4NH3 + 4NO +O4N2 + 6H2O  [1]

 

Question (1): Provide the name of the industrial method described in the underlined section 1.

Question (2): Provide the chemical equations associated with each of the reaction processes described in the underlined 2 and 3.

Question (3): How many kilograms of urea are necessary to produce the quantity of ammonia needed to dissolve 1.0 kg of nitrogen monoxide through the reaction described in equation [1]? Answers should be given with two significant figures.

Question (4): The thermochemical equations associated with the dissolution of ammonia and urea in water are given below. When obtaining 1.0 kg of a solution by dissolving a mixture of 17 g of ammonia and 15 g of urea in water at 20oC, what is the temperature in oC of the obtained solution? Answers should be given with two significant figures. Note: the amount of heat necessary to raise the temperature of 1 g of this solution by 1 K is 4.2 J. Assume that no heat is exchanged with the surroundings.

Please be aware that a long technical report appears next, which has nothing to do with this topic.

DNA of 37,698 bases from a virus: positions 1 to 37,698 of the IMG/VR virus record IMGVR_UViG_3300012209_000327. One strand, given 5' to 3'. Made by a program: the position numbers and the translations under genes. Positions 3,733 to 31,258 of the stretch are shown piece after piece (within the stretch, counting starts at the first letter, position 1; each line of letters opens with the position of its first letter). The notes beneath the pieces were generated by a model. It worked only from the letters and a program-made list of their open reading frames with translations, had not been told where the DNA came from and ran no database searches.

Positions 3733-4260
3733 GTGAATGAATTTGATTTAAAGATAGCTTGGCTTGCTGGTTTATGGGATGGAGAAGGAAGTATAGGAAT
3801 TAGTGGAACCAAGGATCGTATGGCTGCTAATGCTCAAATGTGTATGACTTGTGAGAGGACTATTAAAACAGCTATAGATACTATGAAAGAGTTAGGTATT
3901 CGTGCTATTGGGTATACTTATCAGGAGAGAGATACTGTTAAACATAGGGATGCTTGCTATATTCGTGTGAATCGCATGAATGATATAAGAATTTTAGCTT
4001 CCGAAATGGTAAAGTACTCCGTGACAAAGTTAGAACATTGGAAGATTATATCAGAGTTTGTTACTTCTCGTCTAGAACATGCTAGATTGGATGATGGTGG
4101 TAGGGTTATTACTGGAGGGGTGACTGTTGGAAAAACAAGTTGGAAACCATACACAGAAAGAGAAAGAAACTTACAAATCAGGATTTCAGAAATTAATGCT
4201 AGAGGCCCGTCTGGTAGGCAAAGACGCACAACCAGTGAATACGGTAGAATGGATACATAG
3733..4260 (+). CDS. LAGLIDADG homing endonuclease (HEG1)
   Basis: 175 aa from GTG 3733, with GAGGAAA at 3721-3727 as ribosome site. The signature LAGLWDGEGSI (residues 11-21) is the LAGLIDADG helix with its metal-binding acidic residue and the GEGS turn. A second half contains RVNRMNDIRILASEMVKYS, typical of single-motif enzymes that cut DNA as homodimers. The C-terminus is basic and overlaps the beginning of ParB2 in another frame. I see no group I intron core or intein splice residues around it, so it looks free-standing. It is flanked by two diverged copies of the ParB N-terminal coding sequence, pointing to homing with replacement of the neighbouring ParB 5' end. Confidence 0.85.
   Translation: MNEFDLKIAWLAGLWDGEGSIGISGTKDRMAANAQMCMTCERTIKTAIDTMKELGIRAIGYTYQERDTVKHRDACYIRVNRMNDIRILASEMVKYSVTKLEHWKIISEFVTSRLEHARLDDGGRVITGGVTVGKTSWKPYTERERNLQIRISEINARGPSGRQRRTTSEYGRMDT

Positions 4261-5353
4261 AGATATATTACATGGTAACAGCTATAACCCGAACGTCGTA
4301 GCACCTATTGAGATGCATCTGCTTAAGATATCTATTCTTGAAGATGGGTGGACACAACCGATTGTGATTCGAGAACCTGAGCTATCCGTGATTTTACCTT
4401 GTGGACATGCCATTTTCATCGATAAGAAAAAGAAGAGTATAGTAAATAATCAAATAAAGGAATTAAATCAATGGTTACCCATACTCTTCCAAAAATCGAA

NH3 + aq = NH3 aq + 34.2kJ

CO(NH2)2 + aq = CO(NH2)2aq - 14.4kJ


Question (5): In the reactions underlined in sections 1 and 2, how does the catalyst increase the reaction speed and promote the reaction? Describe the mechanism in 20using 151515 words or fewer.


Chemistry Problem III

Problem III-l. Read the following text and answer Questions (1)–(5).

 A Daniel cell, expressed as (–)Zn | ZnSO4 aq | CuSO4 aq | Cu(+), includes two units: one unit consists of a zinc plate and a zinc sulfate (ZnSO4) solution, and another unit consists of a copper plate and a copper sulfate(II) (CuSO4) solution. The two units are separated by a plate, such as an unglazed plate.